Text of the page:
Sony confirms PlayStation 5 will support 8K graphics and ray tracing
Sony finally reveals details on the PlayStation 5
Note: This article was first published on 17th April 2019.
Sony has dropped a huge sneak peek at the PS4’s successor, finally detailing their plans for the next generation of consoles. In an interview with WIRED, Mark Cerny revealed some rather tantalising information on the next generation of Sony’s console hardware. Cerny acts as lead system architect for this coming system, reprising the role he played in the development of the PS4.
On the hardware front, Cerny stated that the PS5 will boast a CPU based on AMD’s Ryzen line, containing eight cores of the company’s new 7nm Zen 2 microarchitecture. Alongside it is a custom GPU based on Radeon’s Navi family. It’s a lot to swallow, but fortunately Cerny continued to expand on the promise these hardware additions hold for the PS5, including its support for ray-tracing.
Ray tracing is a rendering technique that generates images by tracing a path of light and simulating the effects of its interactions in a 3D environment. Simply put, it promises even more graphical fidelity, although Cerny didn’t stop there. He claimed that the implementation of ray tracing can bring new benefits to audio, by allowing developers to run tests on making new ways for audio to travel back and forth from characters and their surrounding environments in games.
Cerny promised a much bigger leap in audio improvements overall from the PS4 to the PS5, compared to the meagre improvements the PS4 made over the PS3. In line with this, the AMD chip also includes a custom unit for 3D audio, which Cerny seems confident will redefine how games sound to the player.
The other exciting piece of information Cerny excitedly dropped was that the PS5 will use a new hard drive - a specialised solid-state drive (SSD), to be exact. Cerny went on to demonstrate the power the SSD provides by showcasing the load times needed to fast travel in 2018’s Spider-Man. On the PS4, fast travelling from one location to another takes 15 seconds, but on a next-gen devkit (noted to be an early, low-speed version), fast travelling only takes 0.8 seconds.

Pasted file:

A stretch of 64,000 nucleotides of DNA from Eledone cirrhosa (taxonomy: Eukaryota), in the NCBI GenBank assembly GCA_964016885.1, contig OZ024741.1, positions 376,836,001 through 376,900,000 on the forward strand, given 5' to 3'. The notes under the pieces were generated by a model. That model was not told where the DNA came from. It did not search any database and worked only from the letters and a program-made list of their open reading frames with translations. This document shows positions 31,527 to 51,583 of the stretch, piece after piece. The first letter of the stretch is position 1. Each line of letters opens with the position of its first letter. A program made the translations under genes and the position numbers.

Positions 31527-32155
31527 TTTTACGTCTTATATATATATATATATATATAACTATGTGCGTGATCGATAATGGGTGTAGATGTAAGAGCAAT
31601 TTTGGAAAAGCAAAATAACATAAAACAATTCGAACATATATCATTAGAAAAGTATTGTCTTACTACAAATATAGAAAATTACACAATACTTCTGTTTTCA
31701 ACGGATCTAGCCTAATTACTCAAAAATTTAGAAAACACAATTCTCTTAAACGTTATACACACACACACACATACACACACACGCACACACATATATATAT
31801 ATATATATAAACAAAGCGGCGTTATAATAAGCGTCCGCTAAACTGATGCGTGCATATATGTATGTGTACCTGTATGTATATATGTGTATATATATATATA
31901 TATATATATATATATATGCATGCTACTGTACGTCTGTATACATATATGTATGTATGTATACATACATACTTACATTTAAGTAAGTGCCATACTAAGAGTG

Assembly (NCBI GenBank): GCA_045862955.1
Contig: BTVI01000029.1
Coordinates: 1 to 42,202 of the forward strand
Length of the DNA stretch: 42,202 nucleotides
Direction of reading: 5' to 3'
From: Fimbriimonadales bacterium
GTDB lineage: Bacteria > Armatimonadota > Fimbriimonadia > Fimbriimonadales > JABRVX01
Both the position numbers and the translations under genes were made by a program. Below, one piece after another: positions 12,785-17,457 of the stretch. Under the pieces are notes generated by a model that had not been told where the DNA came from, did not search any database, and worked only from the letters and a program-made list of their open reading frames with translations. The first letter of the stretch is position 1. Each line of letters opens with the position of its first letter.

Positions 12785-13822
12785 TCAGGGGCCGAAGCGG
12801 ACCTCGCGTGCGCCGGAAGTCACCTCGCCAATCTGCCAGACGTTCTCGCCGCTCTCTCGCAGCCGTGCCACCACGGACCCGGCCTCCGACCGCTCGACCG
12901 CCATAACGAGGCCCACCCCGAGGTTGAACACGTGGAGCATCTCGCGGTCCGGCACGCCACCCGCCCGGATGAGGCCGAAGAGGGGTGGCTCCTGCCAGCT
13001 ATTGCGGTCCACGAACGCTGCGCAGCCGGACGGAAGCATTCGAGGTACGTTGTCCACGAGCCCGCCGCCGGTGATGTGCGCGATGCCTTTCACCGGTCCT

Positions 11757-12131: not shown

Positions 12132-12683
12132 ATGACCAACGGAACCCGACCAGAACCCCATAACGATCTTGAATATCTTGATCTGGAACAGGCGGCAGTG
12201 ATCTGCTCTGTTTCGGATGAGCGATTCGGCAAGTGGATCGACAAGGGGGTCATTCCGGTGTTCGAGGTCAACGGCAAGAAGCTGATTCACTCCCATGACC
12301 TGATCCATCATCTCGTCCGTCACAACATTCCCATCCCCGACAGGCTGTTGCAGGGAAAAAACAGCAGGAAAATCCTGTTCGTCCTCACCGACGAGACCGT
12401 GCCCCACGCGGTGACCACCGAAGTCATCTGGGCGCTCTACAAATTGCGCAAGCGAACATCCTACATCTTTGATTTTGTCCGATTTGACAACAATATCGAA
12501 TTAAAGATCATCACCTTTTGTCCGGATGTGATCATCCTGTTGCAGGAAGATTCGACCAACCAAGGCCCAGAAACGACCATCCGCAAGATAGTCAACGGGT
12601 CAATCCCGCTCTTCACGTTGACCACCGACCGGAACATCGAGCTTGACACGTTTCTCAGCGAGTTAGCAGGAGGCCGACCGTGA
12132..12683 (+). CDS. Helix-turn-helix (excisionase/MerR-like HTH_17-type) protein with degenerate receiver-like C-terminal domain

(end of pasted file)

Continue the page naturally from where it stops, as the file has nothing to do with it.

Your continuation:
The benefits an SSD brings to the PS5 couldn’t possibly stop there, and Cerny ups the ante by saying that even character movement speed in games will be affected by the new hard drive. With the PS4 only able to render Spider-Man’s world at a certain speed, Spider-Man can only swing through New York so quickly. On the devkit, Cerny demonstrates that with the SSD, you become a pilot, and Spider-Man turns into a fighter jet flying through Manhattan at impossible speeds.
Besides all this, the PS5 will also herald the most widely asked for feature for Sony’s next generation of consoles: Backwards compatibility for the PS4. All previously owned games on the PS4 will still be playable on the PS5. It also won’t be following in Stadia’s footsteps by going fully digital, instead it will accept physical media as every previous generation before it has. Cerny also noted that the PS5 will provide support for 8K graphics, as well as support the current generation of Sony’s PSVR line.
Unfortunately, Cerny confirms that the PS5 won’t be released in 2019. He insists it’s not an upgrade that they’ve been building for 4 years now, but a proper successor to the previous generation. In fact, Sony has began deploying devkits at a quicker rate now, to give developers more time to adjust to the next-gen’s new hardware capabilities. He also promises a gentle transition between console generations, with some upcoming games being released on both the PS4 and the PS5. On which games however, mum’s the word.
Interestingly enough, Cerny doesn’t refer to Sony’s next generation of consoles as ‘The PS5’, only ‘the next-gen console’. One has to wonder what other names Sony might be mulling over at the moment. PS4.9, perhaps?